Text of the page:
CHAPPAQUA, N.Y. -- "I wanted to celebrate nerdiness" says Rob Meyer, the director of 'A Birder's Guide to Everything."
The movie, produced by long-time Chappaqua resident Dan Lindau, was filmed in several locations in Chappaqua, Somers, Ossining and Armonk last summer.
"It's a positive, young, and straightforward movie with heart," says Lindau.
"A Birder's Guide To Everything" is a coming-of-age movie about teenage birder David Portnoy (Kodi Smit-McPhee) struggling with the recent loss of his mother. He leads members of his local Young Birders Society on a search for an extremely rare duck on the eve of his widowed father’s (James LeGros) second wedding.
The Tribeca Film Festival's Film Guide describes the movie as "Sideways meets Stand by Me" and Entertainment Weekly writes "marvelous supporting performances by Ben Kingsley and James LeGros color Rob Meyer’s feature film debut, a poignant, funny and ultimately winning look at the moments that change even the most intensely focused lives."
Lindau says the production was a true community event. Interior scenes taking place in the Portnoy's home were filmed inside Lindau's house in Chappaqua while the exteriors, including the big wedding scene , were shot at Lindau's sister, Maggie Nielsen's, house also in Chappaqua.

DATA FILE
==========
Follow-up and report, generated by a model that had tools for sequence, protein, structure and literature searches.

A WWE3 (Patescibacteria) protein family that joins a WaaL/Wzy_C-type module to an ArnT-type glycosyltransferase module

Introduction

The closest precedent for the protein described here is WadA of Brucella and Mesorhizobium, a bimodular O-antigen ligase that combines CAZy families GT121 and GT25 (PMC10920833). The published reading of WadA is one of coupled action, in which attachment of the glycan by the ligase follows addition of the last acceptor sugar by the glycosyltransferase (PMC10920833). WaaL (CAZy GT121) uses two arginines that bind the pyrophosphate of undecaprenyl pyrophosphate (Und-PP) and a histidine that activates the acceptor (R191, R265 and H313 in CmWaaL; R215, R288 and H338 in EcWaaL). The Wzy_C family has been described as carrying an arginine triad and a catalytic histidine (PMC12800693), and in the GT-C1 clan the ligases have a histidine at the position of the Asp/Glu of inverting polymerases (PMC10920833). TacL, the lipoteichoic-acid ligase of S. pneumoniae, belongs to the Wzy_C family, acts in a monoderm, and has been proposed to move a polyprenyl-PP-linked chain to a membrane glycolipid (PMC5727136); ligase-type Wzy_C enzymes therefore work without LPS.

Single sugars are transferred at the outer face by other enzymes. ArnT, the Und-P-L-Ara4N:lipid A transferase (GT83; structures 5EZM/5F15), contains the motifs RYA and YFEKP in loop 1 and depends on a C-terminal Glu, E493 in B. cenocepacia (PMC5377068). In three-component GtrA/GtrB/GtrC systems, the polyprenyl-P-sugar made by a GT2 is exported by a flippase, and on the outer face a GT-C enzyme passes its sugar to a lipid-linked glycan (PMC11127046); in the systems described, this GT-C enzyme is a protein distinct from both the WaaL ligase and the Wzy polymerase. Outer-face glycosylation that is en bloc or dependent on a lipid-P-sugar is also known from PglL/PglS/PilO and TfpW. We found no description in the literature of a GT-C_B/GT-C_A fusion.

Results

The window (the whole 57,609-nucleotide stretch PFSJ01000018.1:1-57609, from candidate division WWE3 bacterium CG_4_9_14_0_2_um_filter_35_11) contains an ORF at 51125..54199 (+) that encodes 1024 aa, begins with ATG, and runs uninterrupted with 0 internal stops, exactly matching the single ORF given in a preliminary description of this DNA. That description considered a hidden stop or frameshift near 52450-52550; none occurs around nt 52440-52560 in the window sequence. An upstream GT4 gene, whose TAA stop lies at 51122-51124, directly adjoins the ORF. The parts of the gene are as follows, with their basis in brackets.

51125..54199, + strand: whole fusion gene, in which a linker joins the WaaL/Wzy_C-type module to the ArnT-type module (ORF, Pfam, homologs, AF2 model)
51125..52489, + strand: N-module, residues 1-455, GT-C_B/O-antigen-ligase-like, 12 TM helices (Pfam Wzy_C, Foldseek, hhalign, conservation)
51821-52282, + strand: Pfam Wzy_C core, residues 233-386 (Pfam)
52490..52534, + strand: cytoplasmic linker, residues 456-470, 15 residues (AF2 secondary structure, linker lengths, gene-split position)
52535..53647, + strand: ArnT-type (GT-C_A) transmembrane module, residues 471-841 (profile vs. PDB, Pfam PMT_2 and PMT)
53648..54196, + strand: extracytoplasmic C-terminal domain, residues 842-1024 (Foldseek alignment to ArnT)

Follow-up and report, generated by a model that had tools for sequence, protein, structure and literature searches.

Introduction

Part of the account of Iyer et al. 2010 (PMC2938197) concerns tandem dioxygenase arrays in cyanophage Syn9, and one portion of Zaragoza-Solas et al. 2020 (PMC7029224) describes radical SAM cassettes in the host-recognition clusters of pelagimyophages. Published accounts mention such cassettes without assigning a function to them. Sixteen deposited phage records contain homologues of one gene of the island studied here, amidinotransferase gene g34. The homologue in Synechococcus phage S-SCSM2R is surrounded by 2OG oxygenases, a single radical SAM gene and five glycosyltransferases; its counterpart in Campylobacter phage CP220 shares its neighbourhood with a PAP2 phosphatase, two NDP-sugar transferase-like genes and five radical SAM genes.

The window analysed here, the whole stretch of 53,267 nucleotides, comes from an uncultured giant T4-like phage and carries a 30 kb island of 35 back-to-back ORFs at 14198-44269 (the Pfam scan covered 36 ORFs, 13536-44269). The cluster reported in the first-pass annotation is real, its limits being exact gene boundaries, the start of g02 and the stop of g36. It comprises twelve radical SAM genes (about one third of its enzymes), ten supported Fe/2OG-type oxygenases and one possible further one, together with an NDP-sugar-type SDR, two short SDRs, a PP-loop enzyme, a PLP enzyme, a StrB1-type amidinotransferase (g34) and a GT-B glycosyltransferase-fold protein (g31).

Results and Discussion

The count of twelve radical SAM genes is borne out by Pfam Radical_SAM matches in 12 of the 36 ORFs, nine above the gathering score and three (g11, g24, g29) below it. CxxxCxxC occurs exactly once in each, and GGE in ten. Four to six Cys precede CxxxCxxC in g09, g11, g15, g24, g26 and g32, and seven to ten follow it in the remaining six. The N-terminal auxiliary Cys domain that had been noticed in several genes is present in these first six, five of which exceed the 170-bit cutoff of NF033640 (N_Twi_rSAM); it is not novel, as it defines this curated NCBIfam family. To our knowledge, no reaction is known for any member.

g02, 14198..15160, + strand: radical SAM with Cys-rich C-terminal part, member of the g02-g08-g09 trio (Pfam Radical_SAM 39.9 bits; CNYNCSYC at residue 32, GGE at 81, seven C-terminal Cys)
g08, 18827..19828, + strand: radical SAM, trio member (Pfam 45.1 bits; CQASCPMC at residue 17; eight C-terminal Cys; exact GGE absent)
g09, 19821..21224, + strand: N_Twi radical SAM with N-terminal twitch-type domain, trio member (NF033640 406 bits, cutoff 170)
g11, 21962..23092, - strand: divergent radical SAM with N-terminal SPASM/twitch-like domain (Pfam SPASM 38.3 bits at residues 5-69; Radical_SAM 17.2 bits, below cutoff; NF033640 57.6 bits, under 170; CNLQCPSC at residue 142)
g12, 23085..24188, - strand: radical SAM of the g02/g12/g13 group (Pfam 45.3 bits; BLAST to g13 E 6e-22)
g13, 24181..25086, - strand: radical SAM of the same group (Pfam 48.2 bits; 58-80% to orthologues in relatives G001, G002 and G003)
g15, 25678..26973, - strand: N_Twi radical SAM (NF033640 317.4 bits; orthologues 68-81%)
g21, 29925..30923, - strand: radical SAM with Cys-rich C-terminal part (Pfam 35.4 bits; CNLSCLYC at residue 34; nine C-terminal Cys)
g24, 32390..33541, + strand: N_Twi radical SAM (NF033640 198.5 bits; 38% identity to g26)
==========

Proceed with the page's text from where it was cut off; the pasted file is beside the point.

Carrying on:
"My wife was amazing. My daughter moved out of her room two months before going to college," says Lindau.
All outdoor nature scenes were shot at Teatown Reservation in Ossining. The Hickory & Tweed ski shop in Armonk was transformed into the "Birder's Junction" store for a day and a school scene was filmed at Somers High School . Jacob Burns in Pleasantville donated production office space and the Chappaqua Community Center served as a staging area.
"The neighbors were great. Everyone contributed," says Lindau.
Lindau first read the script, co-written by Rob Meyer and Luke Matheny five years ago. The project went through several re-writes and rounds of financing and then took only 23 days to film.
Most of the actors were cast shortly before filming started but Sir Ben Kingsley, whom the cast and crew respectfully called "Sir Ben" on set, signed on several years ago
"Kingsley's agent liked the script. And Kingsley stayed with it," says Lindau.
All four screenings at the Tribeca Film Festival are already sold out. Landau hopes to have several more screenings as a thank you for local residents at Jacob Burns in Pleasantville soon.
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